U.S. should keep its hands off Venezuela
Jiang Shixue

Editor's note: Jiang Shixue is a professor at the Institute of Global Studies at Shanghai University. The article reflects the author's opinion, and not necessarily the views of CGTN.

The world is divided again. This time it's about Venezuela.

Nicolas Maduro's swearing-in ceremony took place on January 10, 2019. But less than two weeks later, on January 23, opposition leader Juan Guaido, a 35-year-old former engineer, declared himself the nation's “interim president.”

Venezuela's opposition leader Juan Guaido speaks during a rally in Caracas, Venezuela, January 26, 2019. /VCG Photo 

Venezuela's opposition leader Juan Guaido speaks during a rally in Caracas, Venezuela, January 26, 2019. /VCG Photo 

People are surprised to see that Venezuela has two presidents. But this is not worthy of celebration. As a matter of fact, it represents the beginning of a new crisis for this poor but oil-rich South American nation.

The United States seems well prepared for this worsening crisis in its backyard. One day before Guaido's ceremony, on January 22, Vice President Mike Pence used a video address to directly urge Venezuelans to go to the streets to show support for the self-proclaimed president. “We stand with you, and we will stay with you until democracy is restored and you reclaim your birthright of Libertad,” Pence said in his speech.

Soon after the 9/11 attack, George W. Bush, then U.S. president, said, “Every nation, in every region, now has a decision to make. Either you are with us, or you are with the terrorists.”

Venezuelan President Nicolas Maduro (L) speaking during a television program in Caracas, January 26, 2019. /VCG Photo

Venezuelan President Nicolas Maduro (L) speaking during a television program in Caracas, January 26, 2019. /VCG Photo

Now the U.S. wishes to divide the world again. In his remarks at the United Nations Security Council meeting on Venezuela on January 26, Mike Pompeo, U.S. secretary of state, said, “The United States stands with the Venezuelan people.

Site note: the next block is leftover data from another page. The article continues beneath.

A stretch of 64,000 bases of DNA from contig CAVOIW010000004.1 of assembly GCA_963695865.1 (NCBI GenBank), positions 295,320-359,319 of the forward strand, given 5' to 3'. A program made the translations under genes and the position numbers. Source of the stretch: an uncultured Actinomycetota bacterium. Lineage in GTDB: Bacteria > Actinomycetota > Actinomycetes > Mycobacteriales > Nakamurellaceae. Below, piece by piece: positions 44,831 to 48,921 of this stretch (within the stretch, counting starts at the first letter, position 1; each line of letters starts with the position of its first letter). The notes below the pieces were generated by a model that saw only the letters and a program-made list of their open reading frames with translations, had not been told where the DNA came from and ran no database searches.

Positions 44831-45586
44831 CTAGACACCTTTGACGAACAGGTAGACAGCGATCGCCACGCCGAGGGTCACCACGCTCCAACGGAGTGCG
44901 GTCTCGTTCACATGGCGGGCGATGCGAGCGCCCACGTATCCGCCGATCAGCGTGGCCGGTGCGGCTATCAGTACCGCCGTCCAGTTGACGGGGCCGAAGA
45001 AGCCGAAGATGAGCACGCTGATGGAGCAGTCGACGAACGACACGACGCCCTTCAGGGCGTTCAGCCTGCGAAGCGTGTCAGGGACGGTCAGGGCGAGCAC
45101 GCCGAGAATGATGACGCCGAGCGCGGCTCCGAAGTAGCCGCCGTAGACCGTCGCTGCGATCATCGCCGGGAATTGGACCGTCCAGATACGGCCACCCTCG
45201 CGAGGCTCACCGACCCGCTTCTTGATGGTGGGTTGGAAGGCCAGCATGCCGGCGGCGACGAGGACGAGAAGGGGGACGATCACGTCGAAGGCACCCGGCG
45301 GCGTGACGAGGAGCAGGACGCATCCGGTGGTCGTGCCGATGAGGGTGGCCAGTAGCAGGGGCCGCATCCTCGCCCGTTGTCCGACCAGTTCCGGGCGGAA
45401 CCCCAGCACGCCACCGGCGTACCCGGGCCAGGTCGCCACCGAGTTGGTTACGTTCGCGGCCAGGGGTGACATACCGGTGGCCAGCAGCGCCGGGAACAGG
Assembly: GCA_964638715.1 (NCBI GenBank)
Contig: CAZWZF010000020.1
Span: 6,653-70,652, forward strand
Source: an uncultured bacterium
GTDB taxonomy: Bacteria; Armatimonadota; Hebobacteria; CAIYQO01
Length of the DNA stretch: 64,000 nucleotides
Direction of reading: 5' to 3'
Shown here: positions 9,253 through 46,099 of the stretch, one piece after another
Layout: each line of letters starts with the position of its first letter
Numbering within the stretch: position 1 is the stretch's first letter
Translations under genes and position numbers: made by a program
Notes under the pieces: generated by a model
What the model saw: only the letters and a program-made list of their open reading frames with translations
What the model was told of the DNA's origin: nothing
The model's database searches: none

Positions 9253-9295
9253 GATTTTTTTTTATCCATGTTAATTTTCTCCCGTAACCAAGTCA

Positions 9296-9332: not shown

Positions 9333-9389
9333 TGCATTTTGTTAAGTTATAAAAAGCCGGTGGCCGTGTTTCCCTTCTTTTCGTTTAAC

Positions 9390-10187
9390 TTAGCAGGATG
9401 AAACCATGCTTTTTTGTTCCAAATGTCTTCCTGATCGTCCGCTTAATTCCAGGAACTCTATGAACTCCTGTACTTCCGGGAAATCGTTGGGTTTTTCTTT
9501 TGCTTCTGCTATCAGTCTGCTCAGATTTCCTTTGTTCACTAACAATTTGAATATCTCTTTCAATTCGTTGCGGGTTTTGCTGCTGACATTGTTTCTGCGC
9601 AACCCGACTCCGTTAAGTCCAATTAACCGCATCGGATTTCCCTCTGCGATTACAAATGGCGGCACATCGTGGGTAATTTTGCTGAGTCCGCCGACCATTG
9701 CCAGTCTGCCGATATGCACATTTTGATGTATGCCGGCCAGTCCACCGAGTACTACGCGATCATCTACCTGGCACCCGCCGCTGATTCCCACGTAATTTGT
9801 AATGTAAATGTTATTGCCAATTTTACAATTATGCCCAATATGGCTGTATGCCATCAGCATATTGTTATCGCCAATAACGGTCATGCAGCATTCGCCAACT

"So far, many other nations have chosen to do the same and they too have recognized the legitimate government of interim President Guaido ... And now it's time for every other nation to pick a side. No more delays, no more games. Either you stand with the forces of freedom or you're in league with Maduro and his mayhem.”

Both Pence and Pompeo say the U.S. support the Venezuelan people. In reality, however, they have failed to remember that Nicolas Maduro was elected by the Venezuelan people.

In western democracy, the ballot is the best place to express people's wishes and hopes. The Venezuelan opposition won a victory in the National Assembly on December 6, 2015. But the opposition boycotted the presidential election on May 20, 2018. Who was to blame for the boycott?

In retrospect, people can easily conclude that the U.S. and the Venezuelan opposition orchestrated the whole drama so that, they wish, Maduro's presidential victory could be annulled, paving the way for Guaido's swearing-in.

One of the basic principles of the United Nations Charter and international law is non-interference in other nations' domestic affairs. In the age of globalization, as the world has become a global village, non-interference has become all the more important and relevant. 

That is to say, Venezuela's affairs must be and can only be dealt with by the Venezuelan people. As Hua Chunying, Chinese foreign ministry spokesperson, noted at a press conference on January 25, 2019, “China maintains that all countries should abide by the purposes and principles of the UN Charter, especially the norms governing international relations and the principles of international law such as non-interference in each other's internal affairs, mutual respect for sovereignty and territorial integrity and no threat of force.”

 A woman holds a placard in support of Venezuela's President Nicolas Maduro in front of White House in Washington, January 26, 2019. /VCG Photo‍

 A woman holds a placard in support of Venezuela's President Nicolas Maduro in front of White House in Washington, January 26, 2019. /VCG Photo‍

Whether or not the U.S. will overthrow the Venezuelan government with military force is anybody's guess. But people in Latin America and elsewhere will not forget that the U.S. militarily intervened with the domestic affairs of the Dominican Republic in 1965, Grenada in 1983, and Panama in 1989.

Luckily, this time, all the Latin American countries are opposed to U.S. invasion against Venezuela despite the fact that some of them support Guaido and the opposition.

Regrettably, in his UN speech, U.S. Secretary of State Pompeo also criticized China and others for the turmoil in Venezuela. This kind of accusation is groundless. 

China's economic ties with Venezuela is a kind of South-South cooperation based on a win-win principle. It never targets against any third party. Moreover, Chinese investment and loans have helped Venezuela to promote economic and social development.

Needless to say, in the past two decades or so, the Chavez and the Maduro administrations have made some mistakes in economic and political fields. But this fact should not be the pretext for the U.S. and others to intervene in Venezuela's internal affairs.

It seems that, according to the hegemonic logic, right is not always might, but might is always right.

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